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Older citizens stand up and be counted

We have a Motoring Enthusiast’s Party in the Senate for those who like cars; we have incompetents like Jaqui Lambie taking up a seat; and we have a host of other fringe groups seeking seats so they can advocate sex and cannabis and God knows what else.
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With millions of people now in the upper-age bracket, who are regularly relegated by governments to a status of uselessness, if not abject liability as far as society is concerned, why, oh why has a party not arisen to represent older citizens in the Senate and use the balance of power to protect older citizens?

With so many potential voters, it is the best and easiest way to influence government policy and cease this campaign of denigration that has been used to justify driving older folk into poverty.

Surely the marginalisation and impoverishment of those who have carried the burden of developing the society we now enjoy, is a little more important than cars.

When will we stand up and be counted?

Howard Smith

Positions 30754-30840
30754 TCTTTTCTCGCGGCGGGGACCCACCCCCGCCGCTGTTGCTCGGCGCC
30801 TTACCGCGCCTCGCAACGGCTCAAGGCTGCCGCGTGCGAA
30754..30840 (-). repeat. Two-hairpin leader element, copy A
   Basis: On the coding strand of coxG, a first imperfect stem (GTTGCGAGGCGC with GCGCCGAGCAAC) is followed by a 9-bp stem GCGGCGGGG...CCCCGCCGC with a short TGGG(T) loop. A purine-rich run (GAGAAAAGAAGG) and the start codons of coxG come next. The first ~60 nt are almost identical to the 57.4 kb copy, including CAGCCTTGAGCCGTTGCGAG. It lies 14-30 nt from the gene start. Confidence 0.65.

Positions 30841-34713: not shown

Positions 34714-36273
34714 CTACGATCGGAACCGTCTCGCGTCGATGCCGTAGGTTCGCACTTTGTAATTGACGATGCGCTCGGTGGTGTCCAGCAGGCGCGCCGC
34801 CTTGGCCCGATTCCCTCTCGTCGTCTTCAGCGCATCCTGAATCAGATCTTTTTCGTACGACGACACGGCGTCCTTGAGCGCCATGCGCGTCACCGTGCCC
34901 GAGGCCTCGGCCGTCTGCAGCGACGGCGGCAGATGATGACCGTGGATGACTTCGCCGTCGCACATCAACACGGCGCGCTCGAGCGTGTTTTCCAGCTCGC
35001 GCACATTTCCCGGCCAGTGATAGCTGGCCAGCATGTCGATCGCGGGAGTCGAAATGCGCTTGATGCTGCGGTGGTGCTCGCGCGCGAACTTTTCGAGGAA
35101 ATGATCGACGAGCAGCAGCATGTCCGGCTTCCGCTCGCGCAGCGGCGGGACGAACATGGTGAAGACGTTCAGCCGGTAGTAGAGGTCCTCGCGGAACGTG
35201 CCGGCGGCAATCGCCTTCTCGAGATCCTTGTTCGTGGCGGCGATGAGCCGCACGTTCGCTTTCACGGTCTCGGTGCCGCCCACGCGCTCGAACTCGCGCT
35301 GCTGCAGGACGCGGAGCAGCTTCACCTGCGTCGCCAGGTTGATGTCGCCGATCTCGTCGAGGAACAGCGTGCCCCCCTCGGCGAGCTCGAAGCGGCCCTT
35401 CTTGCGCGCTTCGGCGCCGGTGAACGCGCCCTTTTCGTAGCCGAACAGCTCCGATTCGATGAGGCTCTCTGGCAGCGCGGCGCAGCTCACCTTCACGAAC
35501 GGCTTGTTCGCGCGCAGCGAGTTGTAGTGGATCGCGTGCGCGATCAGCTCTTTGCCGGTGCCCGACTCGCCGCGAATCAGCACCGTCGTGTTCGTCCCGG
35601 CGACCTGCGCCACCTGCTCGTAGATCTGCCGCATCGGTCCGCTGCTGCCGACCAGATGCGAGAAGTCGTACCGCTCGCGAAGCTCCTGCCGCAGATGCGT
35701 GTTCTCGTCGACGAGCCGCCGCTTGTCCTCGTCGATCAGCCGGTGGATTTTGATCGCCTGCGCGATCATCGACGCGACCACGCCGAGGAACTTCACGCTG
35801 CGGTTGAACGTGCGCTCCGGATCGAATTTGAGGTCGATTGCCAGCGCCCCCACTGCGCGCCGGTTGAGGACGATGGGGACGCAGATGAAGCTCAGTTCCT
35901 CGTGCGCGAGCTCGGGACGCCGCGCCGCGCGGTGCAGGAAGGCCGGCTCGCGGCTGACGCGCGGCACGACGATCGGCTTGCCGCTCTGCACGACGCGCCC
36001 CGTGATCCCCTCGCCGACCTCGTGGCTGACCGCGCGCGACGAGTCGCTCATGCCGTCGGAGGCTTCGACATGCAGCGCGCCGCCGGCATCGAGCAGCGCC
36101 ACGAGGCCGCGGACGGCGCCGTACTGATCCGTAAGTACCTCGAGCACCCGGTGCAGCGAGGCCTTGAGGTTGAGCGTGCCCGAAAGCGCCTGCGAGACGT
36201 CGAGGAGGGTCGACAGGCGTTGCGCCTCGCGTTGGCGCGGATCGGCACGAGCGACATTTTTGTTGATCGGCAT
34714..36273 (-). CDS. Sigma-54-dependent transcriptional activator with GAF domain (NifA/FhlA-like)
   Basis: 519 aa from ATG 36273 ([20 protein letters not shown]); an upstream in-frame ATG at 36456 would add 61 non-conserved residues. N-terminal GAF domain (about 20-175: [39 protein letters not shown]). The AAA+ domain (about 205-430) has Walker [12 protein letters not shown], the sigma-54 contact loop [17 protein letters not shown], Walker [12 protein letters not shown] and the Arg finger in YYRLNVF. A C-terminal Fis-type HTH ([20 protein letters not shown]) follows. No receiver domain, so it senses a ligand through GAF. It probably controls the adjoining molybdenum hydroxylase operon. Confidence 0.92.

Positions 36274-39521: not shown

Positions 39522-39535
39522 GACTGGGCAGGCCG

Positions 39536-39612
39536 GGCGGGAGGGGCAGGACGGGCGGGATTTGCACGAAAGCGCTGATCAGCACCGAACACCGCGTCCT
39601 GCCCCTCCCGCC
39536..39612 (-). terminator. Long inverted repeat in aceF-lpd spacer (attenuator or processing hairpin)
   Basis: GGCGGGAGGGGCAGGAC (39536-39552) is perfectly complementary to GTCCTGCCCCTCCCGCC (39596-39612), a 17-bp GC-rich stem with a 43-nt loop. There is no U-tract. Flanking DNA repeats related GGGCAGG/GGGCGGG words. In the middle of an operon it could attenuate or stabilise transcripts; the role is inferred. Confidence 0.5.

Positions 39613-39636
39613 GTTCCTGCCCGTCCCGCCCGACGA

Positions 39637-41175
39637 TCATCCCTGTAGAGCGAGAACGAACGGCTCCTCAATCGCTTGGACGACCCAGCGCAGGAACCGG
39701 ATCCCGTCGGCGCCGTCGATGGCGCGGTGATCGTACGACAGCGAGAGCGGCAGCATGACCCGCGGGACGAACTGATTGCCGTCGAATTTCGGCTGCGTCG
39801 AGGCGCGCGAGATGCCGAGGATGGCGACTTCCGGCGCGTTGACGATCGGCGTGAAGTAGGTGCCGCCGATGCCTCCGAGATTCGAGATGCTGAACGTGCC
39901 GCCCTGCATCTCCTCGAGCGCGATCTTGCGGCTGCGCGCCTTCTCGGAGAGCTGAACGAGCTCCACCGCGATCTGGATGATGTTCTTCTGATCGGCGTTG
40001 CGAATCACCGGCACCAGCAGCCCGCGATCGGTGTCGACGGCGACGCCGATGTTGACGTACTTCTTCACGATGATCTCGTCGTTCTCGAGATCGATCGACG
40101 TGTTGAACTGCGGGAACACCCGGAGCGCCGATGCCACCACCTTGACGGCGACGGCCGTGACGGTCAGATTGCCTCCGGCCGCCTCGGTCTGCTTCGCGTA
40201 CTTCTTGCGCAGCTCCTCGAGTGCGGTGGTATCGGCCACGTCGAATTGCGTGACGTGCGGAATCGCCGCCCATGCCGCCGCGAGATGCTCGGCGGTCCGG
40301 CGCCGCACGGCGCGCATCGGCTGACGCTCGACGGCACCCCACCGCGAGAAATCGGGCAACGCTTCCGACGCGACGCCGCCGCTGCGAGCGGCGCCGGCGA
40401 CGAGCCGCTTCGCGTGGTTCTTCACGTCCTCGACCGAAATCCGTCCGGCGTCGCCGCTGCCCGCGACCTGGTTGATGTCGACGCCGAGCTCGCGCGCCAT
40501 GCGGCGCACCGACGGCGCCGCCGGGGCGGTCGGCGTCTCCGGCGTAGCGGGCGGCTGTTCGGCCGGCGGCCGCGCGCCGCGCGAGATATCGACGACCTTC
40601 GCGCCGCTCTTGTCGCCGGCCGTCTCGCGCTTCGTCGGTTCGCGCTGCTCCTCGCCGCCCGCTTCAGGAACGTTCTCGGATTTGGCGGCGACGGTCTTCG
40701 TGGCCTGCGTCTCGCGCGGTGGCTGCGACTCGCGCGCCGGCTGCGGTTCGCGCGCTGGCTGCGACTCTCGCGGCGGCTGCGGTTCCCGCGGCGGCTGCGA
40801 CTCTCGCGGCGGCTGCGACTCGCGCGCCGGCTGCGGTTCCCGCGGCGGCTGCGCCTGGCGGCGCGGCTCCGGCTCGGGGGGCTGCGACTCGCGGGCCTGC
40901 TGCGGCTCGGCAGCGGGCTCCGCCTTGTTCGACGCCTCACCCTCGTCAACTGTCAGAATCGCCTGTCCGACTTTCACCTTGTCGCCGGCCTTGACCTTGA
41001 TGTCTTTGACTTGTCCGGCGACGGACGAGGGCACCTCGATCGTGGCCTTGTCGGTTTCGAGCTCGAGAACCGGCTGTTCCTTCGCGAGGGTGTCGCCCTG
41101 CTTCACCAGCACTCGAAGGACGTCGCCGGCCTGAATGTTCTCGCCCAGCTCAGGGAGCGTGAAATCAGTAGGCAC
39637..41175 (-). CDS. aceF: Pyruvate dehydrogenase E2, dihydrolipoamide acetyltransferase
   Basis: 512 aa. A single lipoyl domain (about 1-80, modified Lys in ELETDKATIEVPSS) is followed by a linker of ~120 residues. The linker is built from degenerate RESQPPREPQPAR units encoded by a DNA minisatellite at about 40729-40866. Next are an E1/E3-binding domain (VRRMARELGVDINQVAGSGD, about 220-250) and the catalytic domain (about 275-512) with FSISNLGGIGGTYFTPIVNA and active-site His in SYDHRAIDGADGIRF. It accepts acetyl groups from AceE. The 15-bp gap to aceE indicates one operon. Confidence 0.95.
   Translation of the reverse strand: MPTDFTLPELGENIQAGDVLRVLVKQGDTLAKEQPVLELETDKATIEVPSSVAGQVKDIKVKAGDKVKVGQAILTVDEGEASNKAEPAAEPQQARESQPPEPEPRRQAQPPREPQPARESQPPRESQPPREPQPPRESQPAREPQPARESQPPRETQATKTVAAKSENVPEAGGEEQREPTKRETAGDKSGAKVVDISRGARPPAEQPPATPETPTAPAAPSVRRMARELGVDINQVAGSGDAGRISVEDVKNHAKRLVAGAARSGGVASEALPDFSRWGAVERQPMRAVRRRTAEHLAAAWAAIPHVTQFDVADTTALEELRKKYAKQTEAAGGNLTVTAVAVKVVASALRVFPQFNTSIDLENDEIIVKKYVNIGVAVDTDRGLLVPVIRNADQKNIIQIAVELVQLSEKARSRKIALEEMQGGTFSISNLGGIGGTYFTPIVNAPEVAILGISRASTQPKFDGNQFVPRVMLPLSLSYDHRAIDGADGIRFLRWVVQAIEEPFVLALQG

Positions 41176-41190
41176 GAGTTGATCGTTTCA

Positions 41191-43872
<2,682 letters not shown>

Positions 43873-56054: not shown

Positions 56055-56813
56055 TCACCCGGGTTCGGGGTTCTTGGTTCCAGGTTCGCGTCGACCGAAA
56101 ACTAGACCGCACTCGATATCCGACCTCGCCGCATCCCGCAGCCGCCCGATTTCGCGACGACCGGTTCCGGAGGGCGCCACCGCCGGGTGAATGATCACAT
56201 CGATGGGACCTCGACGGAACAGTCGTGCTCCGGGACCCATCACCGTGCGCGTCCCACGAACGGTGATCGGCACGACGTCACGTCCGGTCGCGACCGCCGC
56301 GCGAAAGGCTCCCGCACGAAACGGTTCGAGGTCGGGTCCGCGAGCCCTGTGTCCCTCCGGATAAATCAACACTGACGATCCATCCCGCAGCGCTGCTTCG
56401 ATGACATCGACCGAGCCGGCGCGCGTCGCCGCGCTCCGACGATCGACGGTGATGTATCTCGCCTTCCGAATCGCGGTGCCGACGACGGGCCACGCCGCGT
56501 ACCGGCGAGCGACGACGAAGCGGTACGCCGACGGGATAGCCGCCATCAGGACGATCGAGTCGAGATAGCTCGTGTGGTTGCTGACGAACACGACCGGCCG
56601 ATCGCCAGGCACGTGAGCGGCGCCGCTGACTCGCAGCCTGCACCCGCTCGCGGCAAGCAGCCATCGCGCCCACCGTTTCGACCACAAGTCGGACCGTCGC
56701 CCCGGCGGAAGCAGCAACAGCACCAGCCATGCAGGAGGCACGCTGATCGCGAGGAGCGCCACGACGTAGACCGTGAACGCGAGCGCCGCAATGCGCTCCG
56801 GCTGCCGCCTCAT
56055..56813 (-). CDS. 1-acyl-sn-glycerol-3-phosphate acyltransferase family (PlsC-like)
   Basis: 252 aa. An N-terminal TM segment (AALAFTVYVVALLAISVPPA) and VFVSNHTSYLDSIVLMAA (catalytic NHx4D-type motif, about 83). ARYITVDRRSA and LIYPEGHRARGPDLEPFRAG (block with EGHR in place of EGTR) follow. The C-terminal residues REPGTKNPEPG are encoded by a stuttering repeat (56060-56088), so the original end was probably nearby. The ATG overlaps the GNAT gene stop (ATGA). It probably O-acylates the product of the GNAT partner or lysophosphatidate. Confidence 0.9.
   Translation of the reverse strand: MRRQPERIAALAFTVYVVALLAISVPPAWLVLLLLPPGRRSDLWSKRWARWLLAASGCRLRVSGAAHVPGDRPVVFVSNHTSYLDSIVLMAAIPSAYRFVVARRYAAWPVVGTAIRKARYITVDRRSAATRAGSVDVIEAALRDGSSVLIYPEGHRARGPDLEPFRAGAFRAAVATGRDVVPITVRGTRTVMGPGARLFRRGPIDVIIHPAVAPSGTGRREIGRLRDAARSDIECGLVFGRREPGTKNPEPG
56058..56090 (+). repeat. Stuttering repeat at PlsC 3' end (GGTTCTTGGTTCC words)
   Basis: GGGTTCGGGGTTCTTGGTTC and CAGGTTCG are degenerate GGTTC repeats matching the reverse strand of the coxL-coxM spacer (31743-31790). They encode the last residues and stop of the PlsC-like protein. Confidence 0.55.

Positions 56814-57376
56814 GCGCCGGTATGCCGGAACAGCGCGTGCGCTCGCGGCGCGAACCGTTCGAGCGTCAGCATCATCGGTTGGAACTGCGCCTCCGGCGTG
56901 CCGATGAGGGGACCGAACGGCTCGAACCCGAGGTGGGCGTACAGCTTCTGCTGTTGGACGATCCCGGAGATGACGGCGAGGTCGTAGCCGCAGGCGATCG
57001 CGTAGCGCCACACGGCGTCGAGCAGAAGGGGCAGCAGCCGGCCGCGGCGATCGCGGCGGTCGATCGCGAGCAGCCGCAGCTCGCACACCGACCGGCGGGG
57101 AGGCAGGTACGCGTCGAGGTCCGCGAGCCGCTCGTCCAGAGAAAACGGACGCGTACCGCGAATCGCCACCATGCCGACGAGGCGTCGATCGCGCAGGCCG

Tamworth

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Illawarra Opal card retailers few and far

The NSW government has declined to commit to placing Opal card machines on hub stations such as Thirroul and Helensburgh.
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On Monday, Transport Minister Gladys Berejiklian officially launched the 1000 new Opal retail outlets announced last week.

The Illawarra appears to have received just one of those 1000 – at the University of Wollongong Unicentre.

In Monday’s announcement, Mrs Berejiklian also mentioned cards would be sold via machines on station platforms as part of the rollout.

The Illawarra is sadly lacking card retailers – from Helensburgh to Kiama there are just 17.

Most of them are in Wollongong; Shellharbour has just two and Kiama one.

The most curious omissions are at Helensburgh and Thirroul, which feature as hub stations in the new timetable – stations where commuters can catch faster services to Sydney.

Despite funnelling more commuters to these stations, to date there are no Opal retailers nearby.

At Helensburgh, it’s 2.6 kilometres from the station, while the closest to Thirroul is actually two suburbs away in Woonona.

A Transport for NSW spokesman could not confirm whether either station would be prioritised for the machines.

The spokesman also said the machines would not sell Opal cards but rather just enable commuters to add money to it.

“Top-up machines will be available later in the rollout and the final locations and number of machines across the network is yet to be finalised,” he said.

He also said the government was working with Woolworths to sell the cards at their stores and petrol stations.